We describe the neurologic, neuroradiologic, and ophthalmologic phenotype of 1 Swedish and 1 Finnish family with autosomal dominant ataxia-pancytopenia (ATXPC) syndrome and SAMD9L mutations.Methods:
Members of these families with germline SAMD9L c.2956C>T, p.Arg986Cys, or c.2672T>C, p.Ile891Thr mutations underwent structured interviews and neurologic and ophthalmologic examinations. Neuroimaging was performed, and medical records were reviewed. Previous publications on SAMD9L-ATXPC were reviewed.Results:
Twelve individuals in both families were affected clinically. All mutation carriers examined had balance impairment, although severity was very variable. All but 1 had nystagmus, and all but 1 had pyramidal tract signs. Neurologic features were generally present from childhood on and progressed slowly. Two adult patients, who experienced increasing clumsiness, glare, and difficulties with gaze fixation, had paracentral retinal dysfunction verified by multifocal electroretinography. Brain MRI showed early, marked cerebellar atrophy in most carriers and variable cerebral periventricular white matter T2 hyperintensities. Two children were treated with hematopoietic stem cell transplantation for hematologic malignancies, and the neurologic symptoms of one of these worsened after treatment. Three affected individuals had attention deficit hyperactivity disorder or cognitive problems. Retinal dysfunction was not previously reported in individuals with ATXPC.Conclusions:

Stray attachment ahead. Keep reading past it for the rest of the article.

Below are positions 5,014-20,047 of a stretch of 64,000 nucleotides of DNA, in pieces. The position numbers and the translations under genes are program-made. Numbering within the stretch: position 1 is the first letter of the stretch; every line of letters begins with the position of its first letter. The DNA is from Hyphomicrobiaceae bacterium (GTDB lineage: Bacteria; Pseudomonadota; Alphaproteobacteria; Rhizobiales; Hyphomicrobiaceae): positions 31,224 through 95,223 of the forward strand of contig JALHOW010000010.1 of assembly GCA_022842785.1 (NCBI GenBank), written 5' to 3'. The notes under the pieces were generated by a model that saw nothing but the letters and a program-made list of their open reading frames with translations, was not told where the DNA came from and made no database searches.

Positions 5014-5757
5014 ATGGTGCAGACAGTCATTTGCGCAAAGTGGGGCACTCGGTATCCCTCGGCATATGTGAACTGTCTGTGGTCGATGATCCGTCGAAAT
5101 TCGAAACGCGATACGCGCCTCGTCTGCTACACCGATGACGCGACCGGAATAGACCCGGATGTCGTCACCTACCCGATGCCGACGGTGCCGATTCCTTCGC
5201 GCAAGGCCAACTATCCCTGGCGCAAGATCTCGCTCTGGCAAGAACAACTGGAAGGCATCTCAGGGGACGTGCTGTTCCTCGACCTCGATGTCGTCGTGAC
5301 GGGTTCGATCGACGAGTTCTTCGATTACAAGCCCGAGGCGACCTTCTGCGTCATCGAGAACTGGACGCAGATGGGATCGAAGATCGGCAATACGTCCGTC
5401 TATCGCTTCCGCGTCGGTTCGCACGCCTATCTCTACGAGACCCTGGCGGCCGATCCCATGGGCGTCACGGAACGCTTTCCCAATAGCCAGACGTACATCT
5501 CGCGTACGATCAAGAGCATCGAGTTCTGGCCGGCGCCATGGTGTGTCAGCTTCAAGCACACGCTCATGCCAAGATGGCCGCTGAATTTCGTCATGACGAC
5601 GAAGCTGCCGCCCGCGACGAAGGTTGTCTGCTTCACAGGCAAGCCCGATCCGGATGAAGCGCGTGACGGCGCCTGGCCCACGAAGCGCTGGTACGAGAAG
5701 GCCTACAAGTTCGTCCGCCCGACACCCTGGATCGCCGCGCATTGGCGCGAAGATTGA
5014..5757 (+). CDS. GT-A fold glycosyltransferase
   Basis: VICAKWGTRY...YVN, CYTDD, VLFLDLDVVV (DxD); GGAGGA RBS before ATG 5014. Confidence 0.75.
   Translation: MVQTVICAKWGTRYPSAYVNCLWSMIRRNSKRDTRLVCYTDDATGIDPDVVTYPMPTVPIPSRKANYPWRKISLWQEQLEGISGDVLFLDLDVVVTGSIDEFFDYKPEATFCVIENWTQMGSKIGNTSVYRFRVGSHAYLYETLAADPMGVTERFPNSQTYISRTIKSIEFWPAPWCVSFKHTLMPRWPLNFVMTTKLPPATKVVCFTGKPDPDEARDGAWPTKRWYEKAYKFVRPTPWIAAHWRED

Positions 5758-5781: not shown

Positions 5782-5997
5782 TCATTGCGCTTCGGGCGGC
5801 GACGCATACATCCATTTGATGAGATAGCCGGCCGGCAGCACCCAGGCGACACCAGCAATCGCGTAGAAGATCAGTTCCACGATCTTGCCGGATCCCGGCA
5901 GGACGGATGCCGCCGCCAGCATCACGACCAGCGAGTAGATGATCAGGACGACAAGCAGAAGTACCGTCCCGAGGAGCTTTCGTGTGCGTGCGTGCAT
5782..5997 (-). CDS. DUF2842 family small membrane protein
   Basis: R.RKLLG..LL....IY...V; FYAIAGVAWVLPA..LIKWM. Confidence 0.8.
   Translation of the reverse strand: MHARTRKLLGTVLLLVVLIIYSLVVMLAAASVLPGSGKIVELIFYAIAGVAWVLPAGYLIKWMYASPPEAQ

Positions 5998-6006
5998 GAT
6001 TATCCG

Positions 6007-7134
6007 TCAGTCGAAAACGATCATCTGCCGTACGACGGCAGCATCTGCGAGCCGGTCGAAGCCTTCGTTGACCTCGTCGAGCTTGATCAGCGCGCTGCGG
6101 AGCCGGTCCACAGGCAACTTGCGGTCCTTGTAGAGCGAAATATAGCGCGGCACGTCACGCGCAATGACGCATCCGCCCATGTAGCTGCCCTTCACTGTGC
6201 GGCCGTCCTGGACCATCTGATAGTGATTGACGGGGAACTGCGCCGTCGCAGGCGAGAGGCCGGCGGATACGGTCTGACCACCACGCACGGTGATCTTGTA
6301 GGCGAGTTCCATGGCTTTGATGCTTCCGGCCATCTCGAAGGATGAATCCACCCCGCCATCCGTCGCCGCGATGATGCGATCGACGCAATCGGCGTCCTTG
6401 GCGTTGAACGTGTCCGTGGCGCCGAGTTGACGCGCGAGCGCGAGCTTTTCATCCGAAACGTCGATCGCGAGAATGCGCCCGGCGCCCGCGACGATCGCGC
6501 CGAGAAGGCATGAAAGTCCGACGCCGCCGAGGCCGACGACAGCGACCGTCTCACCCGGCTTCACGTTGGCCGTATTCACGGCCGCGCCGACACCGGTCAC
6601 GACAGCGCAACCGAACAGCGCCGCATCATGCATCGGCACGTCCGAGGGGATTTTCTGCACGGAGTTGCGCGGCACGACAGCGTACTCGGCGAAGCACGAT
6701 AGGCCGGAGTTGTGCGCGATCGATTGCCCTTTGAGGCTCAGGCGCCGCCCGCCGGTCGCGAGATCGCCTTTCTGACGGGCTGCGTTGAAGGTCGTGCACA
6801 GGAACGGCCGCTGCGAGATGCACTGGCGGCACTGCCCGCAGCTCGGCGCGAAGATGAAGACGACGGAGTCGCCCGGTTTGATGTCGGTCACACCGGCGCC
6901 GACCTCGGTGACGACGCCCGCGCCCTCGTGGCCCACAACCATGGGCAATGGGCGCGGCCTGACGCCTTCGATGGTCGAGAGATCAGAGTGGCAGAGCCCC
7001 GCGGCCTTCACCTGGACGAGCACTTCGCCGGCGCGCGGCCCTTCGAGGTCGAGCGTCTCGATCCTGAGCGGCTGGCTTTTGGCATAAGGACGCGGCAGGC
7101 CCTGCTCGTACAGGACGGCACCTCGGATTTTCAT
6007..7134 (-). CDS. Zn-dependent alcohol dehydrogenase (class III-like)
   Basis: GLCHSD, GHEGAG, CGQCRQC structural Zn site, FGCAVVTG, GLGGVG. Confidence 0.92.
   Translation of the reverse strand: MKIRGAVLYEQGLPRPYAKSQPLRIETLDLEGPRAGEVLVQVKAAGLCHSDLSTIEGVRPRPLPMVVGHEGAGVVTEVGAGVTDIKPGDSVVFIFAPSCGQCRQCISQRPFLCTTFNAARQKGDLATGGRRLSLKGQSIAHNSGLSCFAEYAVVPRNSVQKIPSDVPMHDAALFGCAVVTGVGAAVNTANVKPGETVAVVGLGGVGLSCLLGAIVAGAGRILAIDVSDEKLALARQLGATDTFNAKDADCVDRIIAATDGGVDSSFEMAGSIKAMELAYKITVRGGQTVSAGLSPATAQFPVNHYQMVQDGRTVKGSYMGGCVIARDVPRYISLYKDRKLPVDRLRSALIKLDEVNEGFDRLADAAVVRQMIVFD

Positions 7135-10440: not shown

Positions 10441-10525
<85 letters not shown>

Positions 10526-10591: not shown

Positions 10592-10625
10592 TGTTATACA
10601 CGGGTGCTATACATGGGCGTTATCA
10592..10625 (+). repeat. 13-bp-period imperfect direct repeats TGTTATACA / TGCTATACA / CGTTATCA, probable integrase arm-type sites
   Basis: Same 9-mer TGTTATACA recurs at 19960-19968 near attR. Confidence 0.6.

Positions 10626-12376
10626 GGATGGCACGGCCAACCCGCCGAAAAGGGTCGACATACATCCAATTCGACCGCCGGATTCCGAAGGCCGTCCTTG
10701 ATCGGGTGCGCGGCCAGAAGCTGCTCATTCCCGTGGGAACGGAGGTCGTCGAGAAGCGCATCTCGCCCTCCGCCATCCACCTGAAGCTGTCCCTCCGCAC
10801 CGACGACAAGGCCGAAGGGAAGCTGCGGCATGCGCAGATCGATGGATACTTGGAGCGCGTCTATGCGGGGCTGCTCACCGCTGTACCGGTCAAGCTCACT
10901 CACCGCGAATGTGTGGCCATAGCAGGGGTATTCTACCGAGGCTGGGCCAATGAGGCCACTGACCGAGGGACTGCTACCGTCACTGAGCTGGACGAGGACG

The neurologic phenotype of this syndrome is defined by balance or gait impairment, nystagmus, hyperreflexia in the lower limbs and, frequently, marked cerebellar atrophy. Paracentral retinal dysfunction may contribute to glare, reading problems, and clumsiness. Timely diagnosis of ATXPC is important to address the risk for severe hemorrhage, infection, and hematologic malignancies inherent in this syndrome; regular hematologic follow-up might be beneficial.